THE POSSIBILITY OF EDUCATION ABOUT RELIGIOUS CULTURE IN PUBLIC SCHOOLS
In Japan, religious education is usually divided into three categories; education about religions or religious knowledge, education to inculcate religious sentiment, and sectarian or confessional education. Education about religion can be taught at public schools, while confessional education is prohibited. Long discussions have been held regarding the inculcation of religious sentiment in postwar Japan. Some insist that it should be taught even at public schools, and others oppose this claim mainly based on the reflection of the influence of State Shinto in the prewar period, when the state and religion (Shrine Shinto) were deeply interconnected. The Basic Law on Education was revised in December, 2006, soon after the inauguration of the Abe cabinet. The article concerning religious education was moderated slightly with the words “general learning regarding religion” added to the sentence. However, as Japanese society has tended to avoid discussions on religious education in the postwar period, it might be quite difficult to establish a new education plan based on the former perspectives, especially regarding the inculcation of religious sentiment. The idea of education in religious culture has been introduced to seek for a new perspective on the problem. This perspective aims to promote a deeper understanding of the Japanese people’s own religious culture, as well as that of foreign nations. According to this plan, such religious education could be introduced even at public schools. Surveys and other research data from in recent years indicate that religious culture education would be far more acceptable to people, including students, than education for the “inculcation of religious sentiment.” Moreover, in the age of globalization, this type of religious education seems to be necessary for countries other than Japan as well. As a matter of fact, similar attempts can be observed in the U.S., the U.K., Australia, and other countries. These nations seem to share the following common problems: influence of globalization, influence of the information age (especially the Internet), and the “cults” problem.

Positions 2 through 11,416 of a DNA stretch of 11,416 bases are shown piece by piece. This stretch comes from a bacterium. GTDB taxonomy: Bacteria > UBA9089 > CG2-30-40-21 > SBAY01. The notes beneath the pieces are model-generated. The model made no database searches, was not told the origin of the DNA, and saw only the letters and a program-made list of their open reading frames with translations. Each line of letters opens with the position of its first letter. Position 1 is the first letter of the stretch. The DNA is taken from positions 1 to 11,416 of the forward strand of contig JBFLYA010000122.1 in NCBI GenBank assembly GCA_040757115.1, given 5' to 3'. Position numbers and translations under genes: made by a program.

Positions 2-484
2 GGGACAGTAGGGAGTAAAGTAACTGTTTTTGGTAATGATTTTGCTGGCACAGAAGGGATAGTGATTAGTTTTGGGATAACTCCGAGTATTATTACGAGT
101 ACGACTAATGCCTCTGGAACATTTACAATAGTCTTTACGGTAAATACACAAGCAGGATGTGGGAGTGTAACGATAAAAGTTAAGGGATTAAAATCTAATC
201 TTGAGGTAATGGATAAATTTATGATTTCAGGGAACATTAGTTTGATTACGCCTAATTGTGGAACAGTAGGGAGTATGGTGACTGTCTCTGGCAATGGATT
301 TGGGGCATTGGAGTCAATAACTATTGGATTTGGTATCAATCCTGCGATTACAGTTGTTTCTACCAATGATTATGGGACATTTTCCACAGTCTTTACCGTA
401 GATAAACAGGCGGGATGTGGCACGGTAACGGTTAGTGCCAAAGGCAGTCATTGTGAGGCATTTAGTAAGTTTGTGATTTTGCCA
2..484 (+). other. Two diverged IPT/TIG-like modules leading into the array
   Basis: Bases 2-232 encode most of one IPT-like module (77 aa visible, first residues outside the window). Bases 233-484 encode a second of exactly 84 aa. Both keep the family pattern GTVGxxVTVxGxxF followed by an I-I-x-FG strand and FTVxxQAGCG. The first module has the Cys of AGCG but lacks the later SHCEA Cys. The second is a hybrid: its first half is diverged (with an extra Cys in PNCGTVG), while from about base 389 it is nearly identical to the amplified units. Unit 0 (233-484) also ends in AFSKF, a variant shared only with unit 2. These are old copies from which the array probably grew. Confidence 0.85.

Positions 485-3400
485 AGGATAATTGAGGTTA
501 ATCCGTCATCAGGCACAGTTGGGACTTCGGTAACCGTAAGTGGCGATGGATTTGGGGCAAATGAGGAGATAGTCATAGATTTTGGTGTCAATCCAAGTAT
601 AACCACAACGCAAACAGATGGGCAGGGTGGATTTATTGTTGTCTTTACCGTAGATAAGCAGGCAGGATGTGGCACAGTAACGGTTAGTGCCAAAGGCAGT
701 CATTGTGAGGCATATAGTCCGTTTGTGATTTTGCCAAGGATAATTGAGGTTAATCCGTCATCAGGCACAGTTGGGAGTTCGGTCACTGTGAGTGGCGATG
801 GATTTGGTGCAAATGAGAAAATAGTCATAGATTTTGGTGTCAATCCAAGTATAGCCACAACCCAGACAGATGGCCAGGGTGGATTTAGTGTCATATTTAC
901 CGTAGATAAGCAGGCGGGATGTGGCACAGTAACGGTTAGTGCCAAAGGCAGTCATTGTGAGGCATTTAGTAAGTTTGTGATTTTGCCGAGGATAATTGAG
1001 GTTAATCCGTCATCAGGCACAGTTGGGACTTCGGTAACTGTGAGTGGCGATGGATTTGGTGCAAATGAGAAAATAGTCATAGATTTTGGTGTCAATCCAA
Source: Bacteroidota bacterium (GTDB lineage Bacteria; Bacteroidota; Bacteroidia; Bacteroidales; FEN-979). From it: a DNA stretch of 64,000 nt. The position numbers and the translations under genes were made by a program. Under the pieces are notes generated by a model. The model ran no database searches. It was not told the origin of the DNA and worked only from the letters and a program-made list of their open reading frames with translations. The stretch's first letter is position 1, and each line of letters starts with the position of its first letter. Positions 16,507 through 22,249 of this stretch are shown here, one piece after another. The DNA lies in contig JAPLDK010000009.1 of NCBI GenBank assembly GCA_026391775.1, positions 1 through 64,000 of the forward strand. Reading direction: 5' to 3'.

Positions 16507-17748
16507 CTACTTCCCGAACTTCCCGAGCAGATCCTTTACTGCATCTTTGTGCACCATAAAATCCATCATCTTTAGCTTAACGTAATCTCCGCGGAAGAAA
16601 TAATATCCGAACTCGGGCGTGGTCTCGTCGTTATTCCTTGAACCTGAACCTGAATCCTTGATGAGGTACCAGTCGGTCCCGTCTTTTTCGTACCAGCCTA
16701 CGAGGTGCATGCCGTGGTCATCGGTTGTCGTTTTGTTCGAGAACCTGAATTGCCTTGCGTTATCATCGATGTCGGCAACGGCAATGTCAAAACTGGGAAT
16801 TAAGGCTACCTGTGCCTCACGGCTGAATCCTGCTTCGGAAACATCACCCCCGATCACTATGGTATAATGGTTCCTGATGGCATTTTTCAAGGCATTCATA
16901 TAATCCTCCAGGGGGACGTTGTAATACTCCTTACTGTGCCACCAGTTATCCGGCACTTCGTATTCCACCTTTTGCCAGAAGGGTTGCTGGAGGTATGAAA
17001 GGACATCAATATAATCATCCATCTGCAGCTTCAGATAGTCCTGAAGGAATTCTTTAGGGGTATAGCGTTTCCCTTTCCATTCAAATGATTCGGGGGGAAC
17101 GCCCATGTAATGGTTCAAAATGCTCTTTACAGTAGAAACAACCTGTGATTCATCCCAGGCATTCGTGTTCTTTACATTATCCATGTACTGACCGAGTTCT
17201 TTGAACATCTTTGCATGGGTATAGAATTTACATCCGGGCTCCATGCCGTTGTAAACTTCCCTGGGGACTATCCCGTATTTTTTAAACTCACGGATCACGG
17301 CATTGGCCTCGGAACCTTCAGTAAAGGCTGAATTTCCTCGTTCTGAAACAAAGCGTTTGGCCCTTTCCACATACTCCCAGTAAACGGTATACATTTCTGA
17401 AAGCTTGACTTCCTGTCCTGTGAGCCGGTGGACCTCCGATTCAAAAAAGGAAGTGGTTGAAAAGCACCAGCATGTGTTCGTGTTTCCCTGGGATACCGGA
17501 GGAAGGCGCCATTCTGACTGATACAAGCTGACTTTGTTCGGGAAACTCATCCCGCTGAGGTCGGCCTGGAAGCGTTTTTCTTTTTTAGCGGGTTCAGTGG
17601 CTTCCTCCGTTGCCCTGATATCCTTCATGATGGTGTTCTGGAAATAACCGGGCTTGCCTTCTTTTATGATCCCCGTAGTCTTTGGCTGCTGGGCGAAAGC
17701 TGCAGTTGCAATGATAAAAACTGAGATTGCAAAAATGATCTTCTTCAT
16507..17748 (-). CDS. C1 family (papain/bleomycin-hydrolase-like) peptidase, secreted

Copyright (c) 2017 Inoue Nobutaka
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